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How to thrive in vegetables and traditional vegetables farming

Crop By EUSTANCE MAINA | 05th Dec, 2019
Wangui Muchangi, a traditional vegetable farmer in Mwiki on the outskirts of Nairobi is seen here at her farm, harvesting spider plant leaves. PHOTO: EUSTANCE MAINA.

Wangui Muchangi is a vegetable farmer at the Mwiki area in the outskirts of Nairobi and she grows sukuma wiki, spinach and a couple of indigenous vegetables.

Whenever a visitor arrives at her farm, you will not fail to spot a green canopy of the crop swinging away from the wind. The farm is about five kilometers from Mwihoko.

She grows traditional vegetables like black nightshade popularly referred to as managu or sucha, amaranths (terere) and spider plant (saga/saget).

Wangui also grows other indigenous vegetables such as kansera, which resembles Sukuma wiki, cowpeas leaves known as Kunde and pumpkin leaves.

“They are my number one source of income, as they are on high demand in Nairobi city,” she says.

Wangui, who is a mother of four, cultivates the crops on one-acre of leased land. We find her preparing a portion of land, that she says she is planning to sow cowpea leaves and spider plant. Adjacent, some black nightshades are under harvest.

Spider plant vegetables planted about three months ago are depleting. “I allow some to mature in order to acquire seeds. That way, in reduce expenses,” explains the farmer.

Besides being on high demand, traditional vegetables take a relatively short period of time to mature for harvest after planting. For instance, cowpea leaves, spider plant and kansera mature within twenty-five days. “More so, their seeds are planted directly,” Wangui says, applauding the move as a way of reducing operating costs.

Amaranthus and black nightshade, require seedlings for transplant, implying that seeds have to be sown in a nursery bed for nurturing. Sukuma wiki and spinach are also planted from seedlings. Most plantlets take about a month for a transplant.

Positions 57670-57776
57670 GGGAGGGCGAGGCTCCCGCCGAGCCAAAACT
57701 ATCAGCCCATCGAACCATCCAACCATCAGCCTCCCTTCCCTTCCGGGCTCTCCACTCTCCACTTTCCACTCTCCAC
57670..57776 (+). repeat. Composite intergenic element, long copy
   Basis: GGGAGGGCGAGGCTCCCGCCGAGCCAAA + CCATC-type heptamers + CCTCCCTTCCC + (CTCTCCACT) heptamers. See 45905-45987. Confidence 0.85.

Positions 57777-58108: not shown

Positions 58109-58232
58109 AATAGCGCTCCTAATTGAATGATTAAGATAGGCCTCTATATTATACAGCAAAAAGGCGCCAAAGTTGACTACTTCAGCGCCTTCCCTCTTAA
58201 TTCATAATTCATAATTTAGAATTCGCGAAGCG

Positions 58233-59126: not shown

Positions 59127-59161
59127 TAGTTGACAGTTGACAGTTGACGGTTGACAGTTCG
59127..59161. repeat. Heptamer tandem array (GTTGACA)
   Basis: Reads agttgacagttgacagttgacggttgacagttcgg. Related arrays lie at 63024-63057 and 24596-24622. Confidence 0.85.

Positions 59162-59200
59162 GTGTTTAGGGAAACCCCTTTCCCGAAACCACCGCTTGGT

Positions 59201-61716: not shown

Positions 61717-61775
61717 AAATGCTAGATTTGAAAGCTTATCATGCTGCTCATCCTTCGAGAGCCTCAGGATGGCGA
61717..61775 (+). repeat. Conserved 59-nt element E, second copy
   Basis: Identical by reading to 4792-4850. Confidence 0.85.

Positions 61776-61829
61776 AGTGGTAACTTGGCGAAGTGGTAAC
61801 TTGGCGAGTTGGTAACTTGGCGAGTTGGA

She has dug several wells on the farm, water oozing from beneath, which supply her with adequate water. “I have a generator for pumping and watering. I bought it through the venture,” explains the farmer. Initially, Wangui was working as a casual laborer in the Kenya Railways Corporation, assigned to uproot grasses along railway lines between Ruiru and Nairobi, among other manual jobs.

However, she insists that she regrets no more quitting it in 2017 for farming.

“Traditional vegetables are very lucrative. Were it not for land shortage, I would grow them in large scale,” she notes.

A kilo ranges between Sh20 to 50, her clients being mama mbogas mainly from Nairobi. Some also come from Kiambu County.

With increased cases of Cancer casualties, nutritional experts are urging people to embrace traditional food crops, indigenous vegetables comprised.

In a move aimed at evading the high cost of fertiliser, Wangui says she prefers using compost manure, a 90 kilos bag going for Sh150. “I incur Sh50 cost to transport each bag to the farm, its way far economical,” explains the farmer, adding that besides reducing expenses, she is able to grow the vegetables organically.

Traditional vegetables are rarely affected by diseases, pests being the only challenge Wangui grapples with. Common vegetables’ diseases are downy and powdery mildew, bacterial wilt, damping-off, leaf spot, and black rot, among others.

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